Research & Innovation

The brain is the world’s most amazing computer and it runs entirely on chemical reactions. The vision of CORENET is to construct brain-mimicking computing devices that utilise networks of chemical reactions as molecular information processing systems. The consortium will implement RESERVOIR COMPUTING (RC) on microfluidic chips using CHEMICAL REACTION NETWORKS (CRNs) that convert input feedstock molecules and environmental conditions into a pattern of product molecules.

Systems chemistry

The construction of chemical networks with life-like features to emulate the computing capacity of living cells would be impossible without the synergistic involvement of systems chemistry, reaction networks and cheminformatics. UAM's research will focus on SYSTEMS CHEMISTRY, brining expertise in:


Part of CORENET's research will focus on the use of advanced analytical techniques (such as HPLC, GC and mass spectrometry) to separate, identify and quantify molecular species in the produced COMPLEX REACTION NETWORKS (CRN). The METABOLOMICS research in CORENET by CSIC and SDU will focus on:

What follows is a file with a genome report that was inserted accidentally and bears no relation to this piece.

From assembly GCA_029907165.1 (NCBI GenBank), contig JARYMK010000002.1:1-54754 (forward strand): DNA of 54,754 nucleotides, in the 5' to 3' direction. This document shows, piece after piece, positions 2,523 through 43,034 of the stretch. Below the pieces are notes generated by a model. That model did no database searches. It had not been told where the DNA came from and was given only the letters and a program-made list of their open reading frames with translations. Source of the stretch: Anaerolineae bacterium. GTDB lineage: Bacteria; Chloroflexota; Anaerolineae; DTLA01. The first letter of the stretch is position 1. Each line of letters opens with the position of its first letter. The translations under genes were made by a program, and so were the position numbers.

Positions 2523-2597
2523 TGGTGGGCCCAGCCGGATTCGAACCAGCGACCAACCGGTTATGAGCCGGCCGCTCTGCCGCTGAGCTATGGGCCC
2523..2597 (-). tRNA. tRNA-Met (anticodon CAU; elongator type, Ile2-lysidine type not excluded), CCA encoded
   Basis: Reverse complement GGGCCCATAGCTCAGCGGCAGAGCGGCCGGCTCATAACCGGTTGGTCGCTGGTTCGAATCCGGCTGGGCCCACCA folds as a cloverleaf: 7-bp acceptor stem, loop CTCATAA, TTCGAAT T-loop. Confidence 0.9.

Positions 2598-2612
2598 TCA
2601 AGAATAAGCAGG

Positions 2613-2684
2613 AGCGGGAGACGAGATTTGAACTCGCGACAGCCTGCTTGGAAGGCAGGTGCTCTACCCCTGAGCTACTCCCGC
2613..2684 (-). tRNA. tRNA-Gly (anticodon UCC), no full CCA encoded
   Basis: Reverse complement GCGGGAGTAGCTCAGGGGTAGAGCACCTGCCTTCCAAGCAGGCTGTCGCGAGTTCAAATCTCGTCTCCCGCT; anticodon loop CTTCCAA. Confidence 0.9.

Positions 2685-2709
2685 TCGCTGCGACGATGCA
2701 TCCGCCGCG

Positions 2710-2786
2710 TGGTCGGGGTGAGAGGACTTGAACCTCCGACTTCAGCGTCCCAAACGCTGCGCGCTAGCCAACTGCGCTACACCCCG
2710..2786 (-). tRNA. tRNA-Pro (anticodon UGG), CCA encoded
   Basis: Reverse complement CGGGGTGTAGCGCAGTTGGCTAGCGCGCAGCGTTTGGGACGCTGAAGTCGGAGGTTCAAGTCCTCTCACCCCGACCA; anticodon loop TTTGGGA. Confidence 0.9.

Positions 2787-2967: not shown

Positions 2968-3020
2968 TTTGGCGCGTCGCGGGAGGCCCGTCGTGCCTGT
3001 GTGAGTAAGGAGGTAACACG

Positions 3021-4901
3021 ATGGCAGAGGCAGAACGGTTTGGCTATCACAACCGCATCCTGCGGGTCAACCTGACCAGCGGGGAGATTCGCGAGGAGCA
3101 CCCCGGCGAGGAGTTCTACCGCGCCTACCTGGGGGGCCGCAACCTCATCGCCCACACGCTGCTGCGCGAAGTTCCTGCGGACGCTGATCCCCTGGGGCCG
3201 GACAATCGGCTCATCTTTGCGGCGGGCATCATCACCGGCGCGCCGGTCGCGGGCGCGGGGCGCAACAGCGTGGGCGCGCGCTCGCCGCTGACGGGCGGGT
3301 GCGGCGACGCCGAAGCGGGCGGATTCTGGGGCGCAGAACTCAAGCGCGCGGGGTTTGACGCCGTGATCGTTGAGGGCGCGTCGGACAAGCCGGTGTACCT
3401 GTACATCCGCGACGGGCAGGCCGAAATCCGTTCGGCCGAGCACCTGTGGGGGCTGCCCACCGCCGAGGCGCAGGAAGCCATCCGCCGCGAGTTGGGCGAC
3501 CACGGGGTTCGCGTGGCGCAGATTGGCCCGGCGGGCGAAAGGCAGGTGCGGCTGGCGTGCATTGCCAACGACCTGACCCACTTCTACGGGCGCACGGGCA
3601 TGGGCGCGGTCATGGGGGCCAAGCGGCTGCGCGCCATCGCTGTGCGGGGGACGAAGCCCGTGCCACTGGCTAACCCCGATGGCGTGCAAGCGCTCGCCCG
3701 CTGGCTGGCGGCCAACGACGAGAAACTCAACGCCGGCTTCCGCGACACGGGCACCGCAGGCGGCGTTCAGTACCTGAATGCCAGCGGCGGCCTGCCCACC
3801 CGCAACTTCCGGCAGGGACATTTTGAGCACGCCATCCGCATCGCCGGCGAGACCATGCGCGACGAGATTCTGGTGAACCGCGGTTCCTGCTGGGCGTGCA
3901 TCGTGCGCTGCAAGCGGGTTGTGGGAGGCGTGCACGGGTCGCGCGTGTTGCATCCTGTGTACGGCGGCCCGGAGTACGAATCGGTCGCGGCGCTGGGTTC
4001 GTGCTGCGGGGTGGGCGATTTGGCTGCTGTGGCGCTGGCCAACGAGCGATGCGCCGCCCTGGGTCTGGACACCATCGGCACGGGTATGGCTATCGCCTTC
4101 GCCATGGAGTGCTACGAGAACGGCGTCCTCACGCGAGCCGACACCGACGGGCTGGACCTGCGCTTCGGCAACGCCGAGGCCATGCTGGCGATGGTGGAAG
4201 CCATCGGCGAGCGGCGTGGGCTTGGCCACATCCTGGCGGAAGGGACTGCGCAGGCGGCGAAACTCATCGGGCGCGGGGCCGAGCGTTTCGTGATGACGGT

• Organic synthesis of biohybrid systems.
  • Complex replication networks.
  • Confinement of the above for the development of CRNs and their out-of-equilibrium control.
  • Metabolomic analyses of complex chemical mixtures.
  • Statistical processing of big data for identification and quantification of mixture components.
  • New analytical methods and software for data processing, identification and quantification of compounds.


SRU has recently discovered that the formose reaction, a network of six basic reactions acting recurrently on a small number of input molecules, has the prerequisites for RESERVOIR COMPUTING (RC). CORENET's focus on MICROFLUIDICS will include:

Artificial Intelligence

ARTIFICIAL INTELLIGENCE (AI) models will be used to understand and utilize the dynamic complexity of CRNs. IBM will use various AI tools for linking the digital world with wet-chemistry systems. CORENET's focus on AI will include: 

  • Development and use of microfluidic reactors and enzymatic reaction networks.
  • Creation and use of controllable microdroplet and hydrogel compartments.
  • Use of a variety of product analytical techniques, including chromatography and mass spectrometry
  • Automated operation of reactions
  • AI-based mapping and classification.
  • Mimicking CRNs by Artificial Neural networks.
  • Image recognition based on reservoir computing with CRNs as reservoirs.